Lynton Brown caught this 22-degree lunar halo this week and posted it to EarthSky Facebook. We see many, many photos of this type of halo – both around the sun and moon – which happen all over the world due to the presence of ice crystals in high cirrus clouds. Les Cowley of the website Atmospheric Optics wrote:
… 22-degree radius halos are visible all over the world and throughout the year. Look out for them (eye care!) whenever the sky is wisped or hazed with thin cirrus clouds. These clouds are cold and contain ice crystals in even the hottest climes.
The halo is large. Stretch out the fingers of your hand at arms length. The tips of the thumb and little finger then subtend roughly 20 degrees. Place your thumb over the the sun [or moon] and the halo will be near the little finger tip.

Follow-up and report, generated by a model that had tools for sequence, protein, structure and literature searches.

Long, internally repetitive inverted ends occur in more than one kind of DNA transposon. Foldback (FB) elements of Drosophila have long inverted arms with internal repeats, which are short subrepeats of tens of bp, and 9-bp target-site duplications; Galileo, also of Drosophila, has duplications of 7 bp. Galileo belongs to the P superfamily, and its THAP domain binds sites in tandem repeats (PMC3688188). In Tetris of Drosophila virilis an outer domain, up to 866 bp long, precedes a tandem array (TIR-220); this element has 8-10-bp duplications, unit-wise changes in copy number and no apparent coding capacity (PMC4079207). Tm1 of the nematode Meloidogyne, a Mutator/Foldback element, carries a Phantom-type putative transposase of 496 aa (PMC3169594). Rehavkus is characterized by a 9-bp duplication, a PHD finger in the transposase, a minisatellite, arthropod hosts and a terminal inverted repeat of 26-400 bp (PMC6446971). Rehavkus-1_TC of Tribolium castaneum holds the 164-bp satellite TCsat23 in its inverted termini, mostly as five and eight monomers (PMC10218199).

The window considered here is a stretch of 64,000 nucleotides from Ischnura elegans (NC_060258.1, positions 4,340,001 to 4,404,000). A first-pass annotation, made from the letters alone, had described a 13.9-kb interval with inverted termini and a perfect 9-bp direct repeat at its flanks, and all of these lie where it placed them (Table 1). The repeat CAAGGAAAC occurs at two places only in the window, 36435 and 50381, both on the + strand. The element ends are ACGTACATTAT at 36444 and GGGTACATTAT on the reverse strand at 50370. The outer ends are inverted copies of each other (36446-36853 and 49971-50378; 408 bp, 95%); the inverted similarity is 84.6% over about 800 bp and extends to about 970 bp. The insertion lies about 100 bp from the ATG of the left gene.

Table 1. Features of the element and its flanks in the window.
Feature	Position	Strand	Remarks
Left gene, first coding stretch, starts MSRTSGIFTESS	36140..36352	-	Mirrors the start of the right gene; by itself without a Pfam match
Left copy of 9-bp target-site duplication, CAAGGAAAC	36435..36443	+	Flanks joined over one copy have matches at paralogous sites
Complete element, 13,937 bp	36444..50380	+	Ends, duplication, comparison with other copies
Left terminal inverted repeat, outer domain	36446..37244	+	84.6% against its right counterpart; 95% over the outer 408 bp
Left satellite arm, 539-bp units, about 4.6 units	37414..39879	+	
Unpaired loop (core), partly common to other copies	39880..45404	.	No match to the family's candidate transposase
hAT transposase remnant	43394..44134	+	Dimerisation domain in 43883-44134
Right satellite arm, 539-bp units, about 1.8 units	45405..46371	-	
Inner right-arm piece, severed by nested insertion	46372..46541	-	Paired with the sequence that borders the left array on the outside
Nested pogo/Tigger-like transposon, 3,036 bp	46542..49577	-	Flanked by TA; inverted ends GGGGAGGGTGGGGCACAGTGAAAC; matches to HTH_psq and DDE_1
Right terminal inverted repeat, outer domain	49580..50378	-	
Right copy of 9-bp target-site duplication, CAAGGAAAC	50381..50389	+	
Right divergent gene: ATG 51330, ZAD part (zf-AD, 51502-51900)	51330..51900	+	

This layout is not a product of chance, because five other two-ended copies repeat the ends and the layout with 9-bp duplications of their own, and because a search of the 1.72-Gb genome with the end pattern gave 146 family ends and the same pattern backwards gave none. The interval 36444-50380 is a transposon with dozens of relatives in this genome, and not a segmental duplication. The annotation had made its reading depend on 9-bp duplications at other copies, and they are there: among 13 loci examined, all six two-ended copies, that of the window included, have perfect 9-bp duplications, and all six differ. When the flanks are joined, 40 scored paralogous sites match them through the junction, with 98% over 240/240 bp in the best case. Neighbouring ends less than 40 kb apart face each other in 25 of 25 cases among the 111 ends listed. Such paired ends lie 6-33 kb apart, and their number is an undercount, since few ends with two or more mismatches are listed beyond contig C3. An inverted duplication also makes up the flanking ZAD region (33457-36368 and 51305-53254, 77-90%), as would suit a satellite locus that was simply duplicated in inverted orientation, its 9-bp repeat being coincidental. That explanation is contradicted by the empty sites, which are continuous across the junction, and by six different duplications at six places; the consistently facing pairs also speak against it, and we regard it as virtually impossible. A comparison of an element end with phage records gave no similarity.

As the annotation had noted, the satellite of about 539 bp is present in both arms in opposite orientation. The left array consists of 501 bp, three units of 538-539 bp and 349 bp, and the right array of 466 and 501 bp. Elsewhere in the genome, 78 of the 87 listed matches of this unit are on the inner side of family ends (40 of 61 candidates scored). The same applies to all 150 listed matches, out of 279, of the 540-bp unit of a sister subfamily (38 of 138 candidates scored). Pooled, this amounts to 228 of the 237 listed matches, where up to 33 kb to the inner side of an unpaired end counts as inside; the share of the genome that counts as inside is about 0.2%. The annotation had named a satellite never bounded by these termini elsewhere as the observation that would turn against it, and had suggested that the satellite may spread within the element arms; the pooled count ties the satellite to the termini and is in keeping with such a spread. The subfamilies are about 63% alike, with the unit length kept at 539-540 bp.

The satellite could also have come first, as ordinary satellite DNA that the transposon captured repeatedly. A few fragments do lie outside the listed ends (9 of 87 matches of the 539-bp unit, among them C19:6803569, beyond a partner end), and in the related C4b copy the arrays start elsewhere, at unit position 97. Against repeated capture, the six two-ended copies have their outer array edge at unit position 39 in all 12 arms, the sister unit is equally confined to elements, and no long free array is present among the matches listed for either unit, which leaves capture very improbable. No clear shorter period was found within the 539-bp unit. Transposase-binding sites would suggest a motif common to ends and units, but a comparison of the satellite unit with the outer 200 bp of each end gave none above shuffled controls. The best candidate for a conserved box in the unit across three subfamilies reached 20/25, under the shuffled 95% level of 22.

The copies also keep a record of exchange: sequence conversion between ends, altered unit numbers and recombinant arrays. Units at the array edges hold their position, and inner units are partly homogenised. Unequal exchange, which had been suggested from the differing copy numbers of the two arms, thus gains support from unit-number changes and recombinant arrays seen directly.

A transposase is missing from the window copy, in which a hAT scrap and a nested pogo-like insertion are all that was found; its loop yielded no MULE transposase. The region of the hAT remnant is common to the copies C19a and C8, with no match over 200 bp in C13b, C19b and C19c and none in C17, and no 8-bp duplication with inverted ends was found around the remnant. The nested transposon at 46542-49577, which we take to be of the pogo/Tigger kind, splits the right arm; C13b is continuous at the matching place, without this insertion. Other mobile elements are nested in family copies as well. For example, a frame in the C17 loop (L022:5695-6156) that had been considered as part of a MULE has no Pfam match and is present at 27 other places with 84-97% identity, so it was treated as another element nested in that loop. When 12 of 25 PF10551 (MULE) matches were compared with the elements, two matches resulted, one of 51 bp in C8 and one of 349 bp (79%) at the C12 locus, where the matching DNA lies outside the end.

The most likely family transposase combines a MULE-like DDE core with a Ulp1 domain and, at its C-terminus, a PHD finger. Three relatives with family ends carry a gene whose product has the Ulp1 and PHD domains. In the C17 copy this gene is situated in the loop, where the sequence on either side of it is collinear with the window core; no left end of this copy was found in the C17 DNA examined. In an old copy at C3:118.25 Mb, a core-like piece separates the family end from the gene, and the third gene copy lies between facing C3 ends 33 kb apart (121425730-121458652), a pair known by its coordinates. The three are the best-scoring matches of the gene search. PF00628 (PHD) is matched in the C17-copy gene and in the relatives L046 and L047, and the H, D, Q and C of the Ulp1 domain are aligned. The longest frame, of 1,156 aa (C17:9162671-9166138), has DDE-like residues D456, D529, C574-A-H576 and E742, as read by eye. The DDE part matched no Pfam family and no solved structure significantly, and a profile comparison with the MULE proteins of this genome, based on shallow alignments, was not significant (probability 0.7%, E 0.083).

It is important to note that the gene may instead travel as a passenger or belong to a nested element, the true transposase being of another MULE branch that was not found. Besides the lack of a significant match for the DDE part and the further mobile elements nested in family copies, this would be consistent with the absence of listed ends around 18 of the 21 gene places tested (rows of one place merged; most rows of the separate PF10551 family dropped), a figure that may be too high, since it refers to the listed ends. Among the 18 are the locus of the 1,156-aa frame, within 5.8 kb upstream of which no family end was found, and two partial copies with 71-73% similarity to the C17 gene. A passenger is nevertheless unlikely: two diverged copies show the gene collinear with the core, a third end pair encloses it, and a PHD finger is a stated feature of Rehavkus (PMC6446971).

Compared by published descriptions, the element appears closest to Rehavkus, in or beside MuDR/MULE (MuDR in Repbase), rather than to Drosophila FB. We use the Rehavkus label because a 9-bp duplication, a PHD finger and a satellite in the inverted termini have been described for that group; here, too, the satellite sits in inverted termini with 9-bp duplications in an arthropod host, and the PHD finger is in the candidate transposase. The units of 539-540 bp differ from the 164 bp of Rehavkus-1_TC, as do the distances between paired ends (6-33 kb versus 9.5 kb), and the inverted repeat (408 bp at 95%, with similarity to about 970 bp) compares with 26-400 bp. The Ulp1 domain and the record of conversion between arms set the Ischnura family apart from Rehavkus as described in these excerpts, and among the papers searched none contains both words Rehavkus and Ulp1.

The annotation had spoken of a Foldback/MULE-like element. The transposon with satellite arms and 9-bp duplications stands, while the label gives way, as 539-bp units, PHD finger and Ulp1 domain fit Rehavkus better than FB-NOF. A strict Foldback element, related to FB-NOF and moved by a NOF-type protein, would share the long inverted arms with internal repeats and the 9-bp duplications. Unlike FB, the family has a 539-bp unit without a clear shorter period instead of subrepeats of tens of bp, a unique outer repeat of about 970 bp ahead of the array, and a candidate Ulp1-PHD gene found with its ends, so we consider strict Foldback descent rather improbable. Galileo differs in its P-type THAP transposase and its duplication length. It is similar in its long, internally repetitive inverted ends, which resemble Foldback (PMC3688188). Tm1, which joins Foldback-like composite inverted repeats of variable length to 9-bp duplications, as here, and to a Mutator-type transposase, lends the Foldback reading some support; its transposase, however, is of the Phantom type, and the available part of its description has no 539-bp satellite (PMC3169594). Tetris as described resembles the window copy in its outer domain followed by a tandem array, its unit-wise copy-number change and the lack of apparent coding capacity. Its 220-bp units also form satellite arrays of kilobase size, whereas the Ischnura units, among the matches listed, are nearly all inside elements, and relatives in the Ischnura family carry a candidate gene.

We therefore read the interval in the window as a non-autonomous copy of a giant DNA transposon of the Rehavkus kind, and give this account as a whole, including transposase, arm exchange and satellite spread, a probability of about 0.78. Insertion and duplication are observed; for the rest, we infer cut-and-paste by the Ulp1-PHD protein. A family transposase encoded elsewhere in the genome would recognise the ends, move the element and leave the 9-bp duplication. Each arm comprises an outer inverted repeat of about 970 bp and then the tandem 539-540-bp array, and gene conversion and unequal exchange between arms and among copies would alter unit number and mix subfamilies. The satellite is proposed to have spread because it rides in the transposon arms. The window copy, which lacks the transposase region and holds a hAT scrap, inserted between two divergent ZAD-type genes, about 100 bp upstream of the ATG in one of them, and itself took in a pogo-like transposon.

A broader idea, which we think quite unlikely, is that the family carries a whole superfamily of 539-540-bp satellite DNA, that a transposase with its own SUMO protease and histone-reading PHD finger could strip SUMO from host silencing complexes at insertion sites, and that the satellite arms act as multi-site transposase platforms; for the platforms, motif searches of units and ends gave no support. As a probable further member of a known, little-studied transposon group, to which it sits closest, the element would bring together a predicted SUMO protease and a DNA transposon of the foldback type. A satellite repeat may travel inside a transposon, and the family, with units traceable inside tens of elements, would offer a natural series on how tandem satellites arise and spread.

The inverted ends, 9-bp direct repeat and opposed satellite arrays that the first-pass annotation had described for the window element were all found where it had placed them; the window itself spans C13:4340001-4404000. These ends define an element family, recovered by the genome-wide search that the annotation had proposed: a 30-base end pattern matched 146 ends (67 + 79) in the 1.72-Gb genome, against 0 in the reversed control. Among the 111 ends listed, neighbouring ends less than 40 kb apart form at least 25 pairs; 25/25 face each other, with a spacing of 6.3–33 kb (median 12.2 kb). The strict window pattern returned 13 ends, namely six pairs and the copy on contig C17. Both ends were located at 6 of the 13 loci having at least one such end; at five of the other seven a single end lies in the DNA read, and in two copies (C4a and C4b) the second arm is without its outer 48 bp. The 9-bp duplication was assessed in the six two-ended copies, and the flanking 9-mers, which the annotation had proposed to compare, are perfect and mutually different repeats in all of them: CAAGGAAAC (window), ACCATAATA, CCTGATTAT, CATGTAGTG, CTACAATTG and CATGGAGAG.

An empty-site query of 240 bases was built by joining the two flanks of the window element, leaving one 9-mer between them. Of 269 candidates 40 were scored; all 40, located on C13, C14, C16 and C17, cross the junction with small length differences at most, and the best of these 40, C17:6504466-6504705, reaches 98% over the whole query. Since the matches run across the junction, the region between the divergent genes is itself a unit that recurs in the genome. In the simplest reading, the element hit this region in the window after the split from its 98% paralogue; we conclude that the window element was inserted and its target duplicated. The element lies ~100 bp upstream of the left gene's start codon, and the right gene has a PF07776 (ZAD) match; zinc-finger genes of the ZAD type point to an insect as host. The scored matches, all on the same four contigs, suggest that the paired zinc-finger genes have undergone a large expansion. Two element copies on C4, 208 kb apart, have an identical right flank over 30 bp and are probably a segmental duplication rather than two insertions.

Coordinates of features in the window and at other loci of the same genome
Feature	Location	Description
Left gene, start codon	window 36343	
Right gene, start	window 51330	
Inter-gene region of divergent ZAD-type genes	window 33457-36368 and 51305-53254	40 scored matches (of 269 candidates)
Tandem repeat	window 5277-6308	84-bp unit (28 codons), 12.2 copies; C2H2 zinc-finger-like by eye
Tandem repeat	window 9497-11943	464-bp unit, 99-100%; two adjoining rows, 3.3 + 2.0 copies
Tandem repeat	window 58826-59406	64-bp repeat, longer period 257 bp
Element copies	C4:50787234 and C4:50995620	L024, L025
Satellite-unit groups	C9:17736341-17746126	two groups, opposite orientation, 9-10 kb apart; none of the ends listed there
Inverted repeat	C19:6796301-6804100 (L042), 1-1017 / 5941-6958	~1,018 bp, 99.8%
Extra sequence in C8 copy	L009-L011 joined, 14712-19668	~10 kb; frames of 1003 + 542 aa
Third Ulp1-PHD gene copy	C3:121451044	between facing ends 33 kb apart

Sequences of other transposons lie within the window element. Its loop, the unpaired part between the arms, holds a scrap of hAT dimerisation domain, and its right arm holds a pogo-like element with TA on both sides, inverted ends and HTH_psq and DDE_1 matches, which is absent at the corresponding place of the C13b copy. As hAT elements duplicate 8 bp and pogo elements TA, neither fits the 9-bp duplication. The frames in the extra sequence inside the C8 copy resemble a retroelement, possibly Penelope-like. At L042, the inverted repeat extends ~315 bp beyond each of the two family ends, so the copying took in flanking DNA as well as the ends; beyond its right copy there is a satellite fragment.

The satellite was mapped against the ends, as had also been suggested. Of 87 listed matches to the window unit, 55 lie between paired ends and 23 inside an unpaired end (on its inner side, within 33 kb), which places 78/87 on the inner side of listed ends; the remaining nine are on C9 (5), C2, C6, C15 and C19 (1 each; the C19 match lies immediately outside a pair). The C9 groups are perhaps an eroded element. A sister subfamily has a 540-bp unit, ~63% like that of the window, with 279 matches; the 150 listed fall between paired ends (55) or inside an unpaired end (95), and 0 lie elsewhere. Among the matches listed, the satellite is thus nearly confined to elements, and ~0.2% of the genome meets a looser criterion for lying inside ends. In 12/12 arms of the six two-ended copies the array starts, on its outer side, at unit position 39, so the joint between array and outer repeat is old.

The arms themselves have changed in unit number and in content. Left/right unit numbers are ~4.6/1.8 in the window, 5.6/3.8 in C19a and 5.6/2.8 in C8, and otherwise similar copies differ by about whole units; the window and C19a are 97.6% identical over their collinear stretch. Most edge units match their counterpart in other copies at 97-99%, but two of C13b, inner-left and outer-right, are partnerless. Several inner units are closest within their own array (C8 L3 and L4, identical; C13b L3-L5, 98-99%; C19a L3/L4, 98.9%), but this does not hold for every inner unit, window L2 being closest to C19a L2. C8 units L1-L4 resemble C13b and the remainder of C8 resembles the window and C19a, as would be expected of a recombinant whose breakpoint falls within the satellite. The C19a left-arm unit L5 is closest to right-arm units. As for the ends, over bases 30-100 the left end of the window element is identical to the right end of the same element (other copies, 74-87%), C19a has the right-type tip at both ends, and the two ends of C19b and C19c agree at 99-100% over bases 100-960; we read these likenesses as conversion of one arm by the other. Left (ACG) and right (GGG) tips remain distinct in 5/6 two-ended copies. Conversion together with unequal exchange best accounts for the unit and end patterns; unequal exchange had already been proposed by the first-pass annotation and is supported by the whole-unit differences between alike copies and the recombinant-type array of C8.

Thank you Lynton, for sharing this with us!
Eleanor Imster has helped write and edit EarthSky since 1995. She was an integral part of the award-winning EarthSky radio series almost since it began until it ended in 2013. Today, as Lead Editor at EarthSky.org, she helps present the science and nature stories and photos you enjoy. She also serves as one of the voices of EarthSky on social media platforms including Facebook, Twitter and G+. She and her husband live in Tennessee and have two grown sons.